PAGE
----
7th Circuit: Equipment Maintenance Company Not Liable for Workplace Forklift Injury

In a workplace injury lawsuit relevant to future Indiana work injury claims, the U.S. Court of Appeals for the Seventh Circuit ruled that a company responsible for equipment maintenance could not be held liable for a forklift injury resulting from failure to warn an employer about the risk of not installing an alarm. There was no question the forklift wasn’t designed, manufactured or shipped to the original purchaser with a backup alarm. Further, as of the date of the accident (in mid-2013) there was no regulation that required the equipment to have one. Defendant did service the forklift several times prior to an accident (during which the heavy machinery rolled over a worker’s foot). The most recent had been just a few months prior. The technician couldn’t recall if the forklift had a backup alarm, but if it did, he didn’t make note of it in his report.

After the accident, the injured worker’s employer asked another company to install a backup alarm. That company’s technician affirmed there was no alarm already on it.

Although workers’ compensation is the exclusive remedy a worker has for an Indiana work injury (same goes for workers in Illinois, where this accident occurred), what is allowed is third-party liability. As Munster work injury attorneys can explain, this means that if a third-party – someone other than an employer or co-worker – was responsible for causing an injury that occurred in the course and scope of  employment, that party can be held liable for negligence. Workers aren’t compensated twice, but a third-party negligence claim may entitle injured workers to collect more than they would otherwise be able to collect from workers’ compensation (which is generally limited to a portion of lost wages and medical bills).

Defective Forklift Injuries 

Forklifts are large pieces of heavy machinery that can cause serious work injuries in Indiana. Forklifts that are defectively-designed or manufactured may be cause for a product liability lawsuit against the manufacturer/distributor of the product. Forklifts that are not properly maintained may point to liability by the owner (if different from employer) and/or the service/maintenance company, as was the case in the 7th Circuit ruling.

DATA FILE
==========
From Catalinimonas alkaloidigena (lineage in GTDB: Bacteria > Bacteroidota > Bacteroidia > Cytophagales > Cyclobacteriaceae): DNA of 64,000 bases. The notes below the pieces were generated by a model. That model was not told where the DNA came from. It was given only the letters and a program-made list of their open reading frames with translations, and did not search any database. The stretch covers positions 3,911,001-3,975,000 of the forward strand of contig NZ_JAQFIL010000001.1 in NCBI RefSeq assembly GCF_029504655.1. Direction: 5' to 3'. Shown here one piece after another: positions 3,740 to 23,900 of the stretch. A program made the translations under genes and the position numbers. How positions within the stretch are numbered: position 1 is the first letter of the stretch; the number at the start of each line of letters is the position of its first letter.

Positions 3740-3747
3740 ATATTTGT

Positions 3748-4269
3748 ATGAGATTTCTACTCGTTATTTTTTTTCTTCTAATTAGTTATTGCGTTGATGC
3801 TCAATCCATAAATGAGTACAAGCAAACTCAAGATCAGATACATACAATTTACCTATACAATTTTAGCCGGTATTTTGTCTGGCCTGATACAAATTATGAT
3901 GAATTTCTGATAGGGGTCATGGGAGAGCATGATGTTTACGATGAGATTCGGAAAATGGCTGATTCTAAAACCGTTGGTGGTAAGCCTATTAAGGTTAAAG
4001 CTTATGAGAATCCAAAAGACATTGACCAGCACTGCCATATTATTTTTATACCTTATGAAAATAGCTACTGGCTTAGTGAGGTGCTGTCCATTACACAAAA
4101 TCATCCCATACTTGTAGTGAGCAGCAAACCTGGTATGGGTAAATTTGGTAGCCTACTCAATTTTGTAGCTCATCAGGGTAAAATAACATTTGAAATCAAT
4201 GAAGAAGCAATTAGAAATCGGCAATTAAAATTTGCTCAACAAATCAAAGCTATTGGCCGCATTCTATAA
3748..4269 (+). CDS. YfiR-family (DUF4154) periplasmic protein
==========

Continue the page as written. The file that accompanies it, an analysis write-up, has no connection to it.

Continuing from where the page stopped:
Each year, an estimated 35,000 workers in the U.S. are injured and another 85 killed in forklift accidents.

In recent years, OSHA has cited or fined companies for faulty forklifts including those that:

  • Had faulty brakes due to failure to perform needed repairs;
  • Put workers at risk of CO poisoning (an Illinois-based manufacturer was fined $216,000 last year by OSHA for allowing workers to operate defective forklifts emitting 10 times the accepted permissible exposure limit);
  • Was unsafely loaded or driven, leading to tipping and crushing injuries.

Forklifts are considered “powered industrial trucks” which are regulated per 29 CFR 1910.178.

Court Rules Forklift Maintenance Firm Not Liable

In its decision regarding liability of a forklift maintenance firm, the 7th Circuit panel noted it was the employer – not the service company – that had the final decision on whether a backup alarm should be installed. The repair company’s duty to warn (necessary to prove negligence) didn’t require that it recommend an optional safety feature, particularly when the owner of the forklift was already aware of the safety feature (which was established in discovery).

Plaintiff failed to establish that even if there was a duty of care that there was a breach. Simply knowing about a risk – one that the owner also knows about – doesn’t create an affirmative duty of care requiring the repair service to recommend installation of a device that was neither required nor requested.

Although this outcome is disappointing for the plaintiff, it’s instructive for Munster personal injury attorneys and others handling work injury claims in Indiana.

Indiana Injury Attorney Burton A. Padove handles personal injury claims throughout northern Indiana, including Highland, Gary and Hammond. Call Toll Free 877-446-5294.

Additional Resources:

Hutchison v. Fitzgerald Equipment Co., Dec. 14, 2018, U.S. Court of Appeals for the Seventh Circuit

More Blog Entries:

Gary Truck Accident Lawsuit Claims Trucking Company Negligent, July 17, 2017, Munster Work Injury Attorney Blog

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